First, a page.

An omnipresent go who is all, has to be both the good and evil, light and darkness, pain and pleasure, or any such dualistic concept. The god is raper and the rapped, if the god is everything. 

 

But then here's the kicker. That which is everything, is no one specific thing. It's just the totality. And ultimately, it's not even a god as traditionally conceptualized. It's just existence itself, the universe, and so on. That's why pantheism and atheism run together in a lot of cases. 

 

But one thing is for certain, what we're discussing is NOT orthodox christianity

 

So we are not reasoning here with an orthodox christian concerning orthodox christianity. We're reasoning with an apostate christian full of unorthodox claims and views who can't very well represent christianity in this exchange. We're discussing whether it's possible to reason with a heretical christian is what we've been doing for several pages. And to some extent the answer is yes, we can. But, there's still a lot of baggage to be found in the evasion department nonetheless.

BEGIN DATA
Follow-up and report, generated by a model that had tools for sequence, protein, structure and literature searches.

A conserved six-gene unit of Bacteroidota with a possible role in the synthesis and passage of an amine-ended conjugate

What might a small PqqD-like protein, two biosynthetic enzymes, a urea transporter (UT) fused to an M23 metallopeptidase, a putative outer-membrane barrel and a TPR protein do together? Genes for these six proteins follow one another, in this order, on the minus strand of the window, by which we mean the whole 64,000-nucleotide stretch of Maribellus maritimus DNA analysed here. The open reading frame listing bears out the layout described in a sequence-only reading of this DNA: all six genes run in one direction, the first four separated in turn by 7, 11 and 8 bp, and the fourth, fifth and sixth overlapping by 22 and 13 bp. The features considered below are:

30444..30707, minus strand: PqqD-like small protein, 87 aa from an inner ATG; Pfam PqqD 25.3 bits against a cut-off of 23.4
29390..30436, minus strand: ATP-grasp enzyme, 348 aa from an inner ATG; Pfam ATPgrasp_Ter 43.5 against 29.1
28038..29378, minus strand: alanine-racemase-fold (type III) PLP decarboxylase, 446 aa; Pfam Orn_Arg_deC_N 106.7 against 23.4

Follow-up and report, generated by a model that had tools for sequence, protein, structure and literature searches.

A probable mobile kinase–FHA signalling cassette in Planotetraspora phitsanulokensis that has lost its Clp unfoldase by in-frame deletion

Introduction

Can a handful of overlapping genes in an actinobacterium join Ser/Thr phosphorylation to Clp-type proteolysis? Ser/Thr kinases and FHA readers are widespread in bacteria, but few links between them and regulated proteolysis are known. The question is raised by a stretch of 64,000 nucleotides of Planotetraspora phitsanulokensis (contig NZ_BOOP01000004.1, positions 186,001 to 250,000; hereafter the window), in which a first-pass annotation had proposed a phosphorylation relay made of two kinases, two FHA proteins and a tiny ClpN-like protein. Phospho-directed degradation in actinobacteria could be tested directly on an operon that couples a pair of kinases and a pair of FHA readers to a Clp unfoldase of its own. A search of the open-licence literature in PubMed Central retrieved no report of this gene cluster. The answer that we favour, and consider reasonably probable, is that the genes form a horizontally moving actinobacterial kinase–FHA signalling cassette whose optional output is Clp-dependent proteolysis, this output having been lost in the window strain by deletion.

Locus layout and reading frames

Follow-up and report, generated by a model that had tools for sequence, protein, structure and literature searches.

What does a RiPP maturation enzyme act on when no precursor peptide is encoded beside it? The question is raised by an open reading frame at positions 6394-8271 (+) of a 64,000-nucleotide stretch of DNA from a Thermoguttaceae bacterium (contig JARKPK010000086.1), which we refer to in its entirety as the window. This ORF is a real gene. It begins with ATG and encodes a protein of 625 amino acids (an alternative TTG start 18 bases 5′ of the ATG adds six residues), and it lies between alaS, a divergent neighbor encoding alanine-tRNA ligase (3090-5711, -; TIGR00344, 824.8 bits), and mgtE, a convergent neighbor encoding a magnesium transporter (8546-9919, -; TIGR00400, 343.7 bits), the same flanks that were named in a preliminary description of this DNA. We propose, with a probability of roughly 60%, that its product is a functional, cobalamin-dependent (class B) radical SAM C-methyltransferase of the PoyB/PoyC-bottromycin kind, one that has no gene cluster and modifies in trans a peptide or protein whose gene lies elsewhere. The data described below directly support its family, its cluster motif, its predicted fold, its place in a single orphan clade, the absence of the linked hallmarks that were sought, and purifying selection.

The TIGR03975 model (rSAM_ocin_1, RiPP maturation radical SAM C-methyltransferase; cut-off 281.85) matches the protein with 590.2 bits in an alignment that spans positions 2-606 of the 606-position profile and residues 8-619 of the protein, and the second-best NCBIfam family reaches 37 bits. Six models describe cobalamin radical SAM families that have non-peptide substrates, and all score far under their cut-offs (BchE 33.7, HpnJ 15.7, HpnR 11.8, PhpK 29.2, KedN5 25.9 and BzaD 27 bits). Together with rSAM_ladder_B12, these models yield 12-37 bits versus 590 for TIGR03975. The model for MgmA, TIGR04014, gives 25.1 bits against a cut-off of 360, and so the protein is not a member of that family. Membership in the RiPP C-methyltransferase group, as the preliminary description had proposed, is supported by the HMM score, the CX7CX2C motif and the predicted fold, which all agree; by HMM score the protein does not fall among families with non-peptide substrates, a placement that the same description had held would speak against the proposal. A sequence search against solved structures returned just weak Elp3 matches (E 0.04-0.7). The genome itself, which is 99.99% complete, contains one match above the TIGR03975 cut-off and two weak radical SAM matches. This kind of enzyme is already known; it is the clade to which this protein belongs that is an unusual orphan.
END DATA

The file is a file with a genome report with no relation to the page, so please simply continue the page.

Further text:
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On ‎10‎/‎12‎/‎2019 at 10:34 AM, sdelsolray said:

Poster Edgarcito is demonstrating why it can be difficult, if not impossible, to reason with a devout Christian.

 

At this point it worth asking if Edgarcito is a "devout Christian" in the context of what we'd normally consider a devout Christian considering he's somewhere between God is a separate entity unto itself, and God is simply everything... you, I, the rock, the grass. Sounds like the force Master Yoda described. See Josh's post above for his take on this.